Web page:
Welding and brazing are examples of applications where higher flows are advantageous.  The lower temperature drop doesn’t make all that much difference…turns out, when you’re blowing air onto metal that’s been recently melted, it doesn’t seem to matter much if the air is 20°F or -20°F, as long as there’s a LOT of it.  Our Medium Vortex Tubes are especially popular for this.  An ultrasonic weld that seals the end of a toothpaste tube, for example, is done with a Model 3215 set to an 80% Cold Fraction (12 SCFM of cold flow with a 54°F drop,) while brazing copper pipe fittings needs the higher flow of a Model 3230: the same 80% cold fraction makes 24 SCFM cold flow, with the same 54°F temperature drop.

Regardless of which model you choose, the temperature drop of the cold air flow is determined by only two factors: Cold Fraction setting, and compressed air supply pressure.  If you were wondering where I got all the figures above, they’re all from the Specification & Performance charts published in our catalog:

3200 Series are for max cooling (50-80% Cold Fractions;) 3400’s are for max cold temperature (20-50% Cold Fractions.)

Chocolate cooling in brown; welding/brazing in blue.

EXAIR Vortex Tubes & Spot Cooling Products are a quick & easy way to supply a reliable, controllable flow of cold air, on demand.  If you’d like to find out more, give me a call.

Russ Bowman
Application Engineer
EXAIR Corporation
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Adjustable Spot Cooler Keeps Rollers Rolling

A manufacturer of automotive power transmission shafts was experiencing frequent failure of high pressure plastic rollers on their spin tester.  There are four rollers in a 90° array that center the shaft during spin testing.  They exert a pressure of around 1,500psi onto the shaft while it’s rotating at 1,000rpm.  This generates enough heat to actually melt the rubber coating on rollers, which means stopping testing (which holds up production) while they change out the rollers.  Just for it to start all over again.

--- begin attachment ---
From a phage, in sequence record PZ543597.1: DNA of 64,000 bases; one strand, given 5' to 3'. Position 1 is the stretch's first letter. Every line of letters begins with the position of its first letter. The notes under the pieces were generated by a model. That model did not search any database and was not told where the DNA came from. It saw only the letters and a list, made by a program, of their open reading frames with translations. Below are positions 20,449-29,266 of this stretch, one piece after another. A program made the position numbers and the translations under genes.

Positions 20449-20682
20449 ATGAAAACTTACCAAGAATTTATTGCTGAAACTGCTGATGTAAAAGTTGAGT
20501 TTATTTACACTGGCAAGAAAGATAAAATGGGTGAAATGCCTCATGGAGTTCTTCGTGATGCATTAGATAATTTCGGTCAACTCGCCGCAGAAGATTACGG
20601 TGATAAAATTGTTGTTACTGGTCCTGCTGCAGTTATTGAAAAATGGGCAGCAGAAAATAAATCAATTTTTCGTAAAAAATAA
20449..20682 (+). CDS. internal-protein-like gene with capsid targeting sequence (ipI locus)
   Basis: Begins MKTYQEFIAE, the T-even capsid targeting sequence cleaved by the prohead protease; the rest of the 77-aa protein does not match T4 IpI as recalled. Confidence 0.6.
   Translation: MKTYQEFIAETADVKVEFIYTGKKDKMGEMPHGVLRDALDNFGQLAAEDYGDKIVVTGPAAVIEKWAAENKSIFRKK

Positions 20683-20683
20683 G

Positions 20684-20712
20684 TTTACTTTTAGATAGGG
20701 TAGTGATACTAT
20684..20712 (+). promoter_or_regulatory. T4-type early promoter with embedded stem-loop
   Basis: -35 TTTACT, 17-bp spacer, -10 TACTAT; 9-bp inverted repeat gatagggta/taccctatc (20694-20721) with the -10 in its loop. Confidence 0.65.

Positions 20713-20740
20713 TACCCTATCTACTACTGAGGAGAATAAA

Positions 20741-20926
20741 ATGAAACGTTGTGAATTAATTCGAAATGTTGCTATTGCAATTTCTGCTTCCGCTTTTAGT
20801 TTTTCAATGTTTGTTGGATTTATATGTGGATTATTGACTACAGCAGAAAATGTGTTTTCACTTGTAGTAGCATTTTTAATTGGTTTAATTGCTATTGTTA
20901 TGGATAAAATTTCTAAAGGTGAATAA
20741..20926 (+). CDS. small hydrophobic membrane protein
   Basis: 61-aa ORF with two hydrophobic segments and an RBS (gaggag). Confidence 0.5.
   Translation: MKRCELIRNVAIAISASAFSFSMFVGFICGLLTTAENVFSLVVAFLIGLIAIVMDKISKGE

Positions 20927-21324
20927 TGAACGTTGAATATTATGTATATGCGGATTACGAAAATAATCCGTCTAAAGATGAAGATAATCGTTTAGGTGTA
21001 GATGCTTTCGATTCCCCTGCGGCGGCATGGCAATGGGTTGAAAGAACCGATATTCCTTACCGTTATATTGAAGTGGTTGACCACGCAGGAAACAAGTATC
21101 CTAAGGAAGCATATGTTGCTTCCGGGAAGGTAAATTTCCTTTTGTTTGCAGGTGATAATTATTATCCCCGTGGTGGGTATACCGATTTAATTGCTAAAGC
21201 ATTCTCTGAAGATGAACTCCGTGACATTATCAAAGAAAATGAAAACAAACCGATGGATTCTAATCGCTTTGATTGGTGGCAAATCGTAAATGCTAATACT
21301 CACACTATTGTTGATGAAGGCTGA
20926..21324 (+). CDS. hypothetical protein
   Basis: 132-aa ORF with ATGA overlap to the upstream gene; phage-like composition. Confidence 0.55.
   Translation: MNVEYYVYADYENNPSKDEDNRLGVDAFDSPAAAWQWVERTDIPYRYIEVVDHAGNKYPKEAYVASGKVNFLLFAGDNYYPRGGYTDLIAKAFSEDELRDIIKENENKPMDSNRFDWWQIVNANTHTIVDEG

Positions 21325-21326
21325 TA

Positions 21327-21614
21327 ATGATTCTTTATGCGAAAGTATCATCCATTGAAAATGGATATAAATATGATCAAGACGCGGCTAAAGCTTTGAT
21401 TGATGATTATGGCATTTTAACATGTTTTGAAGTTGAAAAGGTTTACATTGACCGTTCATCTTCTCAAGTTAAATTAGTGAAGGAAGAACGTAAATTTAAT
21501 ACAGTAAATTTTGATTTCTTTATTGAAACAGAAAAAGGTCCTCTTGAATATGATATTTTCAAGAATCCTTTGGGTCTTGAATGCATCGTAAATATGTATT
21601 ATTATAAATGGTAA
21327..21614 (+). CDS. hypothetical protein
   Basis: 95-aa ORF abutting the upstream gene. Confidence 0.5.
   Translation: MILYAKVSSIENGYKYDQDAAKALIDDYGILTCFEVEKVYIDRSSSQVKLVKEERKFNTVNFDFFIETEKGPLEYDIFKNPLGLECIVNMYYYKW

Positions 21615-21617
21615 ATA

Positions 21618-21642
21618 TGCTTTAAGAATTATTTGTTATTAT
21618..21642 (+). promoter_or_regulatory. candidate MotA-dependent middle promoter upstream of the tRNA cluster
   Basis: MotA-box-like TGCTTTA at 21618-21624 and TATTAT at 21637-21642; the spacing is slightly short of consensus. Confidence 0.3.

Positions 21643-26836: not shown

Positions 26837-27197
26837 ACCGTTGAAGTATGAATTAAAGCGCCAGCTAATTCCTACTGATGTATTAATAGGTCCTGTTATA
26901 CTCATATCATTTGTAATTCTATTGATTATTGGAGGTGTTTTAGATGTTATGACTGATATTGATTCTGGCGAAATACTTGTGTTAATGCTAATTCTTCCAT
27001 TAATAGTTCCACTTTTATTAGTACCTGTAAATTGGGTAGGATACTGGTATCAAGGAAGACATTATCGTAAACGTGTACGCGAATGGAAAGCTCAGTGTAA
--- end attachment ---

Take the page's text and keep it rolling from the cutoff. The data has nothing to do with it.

This, of course, was an ideal application for a Vortex Tube cooling solution.  They wanted to aim the cold air flow from the dual points of two Model 3925 Adjustable Spot Cooler Systems at four points of the shaft, right where it starts to contact the rollers.

Model 3925 Adjustable Spot Cooler System has a Dual Outlet Hose Kit for distribution of cold air flow to two points.

Thing was, they wanted to mount the Adjustable Spot Coolers where they could have access to the Temperature Control Valve, but the cold air Hose Kit wouldn’t reach the shaft.  So they got a couple of extra sections of the cold air hose…they needed one section of the ‘main’ (shown circled in blue, below) to reach into the test rig’s shroud, and two sections of the ‘branch’ (circled in green) to reach to each roller.

If you need a little extra reach from an Adjustable Spot Cooler or a Cold Gun, the cold air hose segments snap together, and apart, for any length you need.

Now, adding too much hose length will start to put line loss on the cold air flow, and it will pick up heat from the environment.  But if you just need that extra foot of hose to get the job done, this generally works just fine.  The extra foot or so they’ve added (5″ to the main and 6″ to each branch) has solved their problem…they haven’t had to replace a roller since the Adjustable Spot Cooler Systems were installed.

If you’d like to find out more about how EXAIR Vortex Tubes & Spot Cooling Products can prevent heat damage in your operation, give me a call.

Russ Bowman
Application Engineer
EXAIR Corporation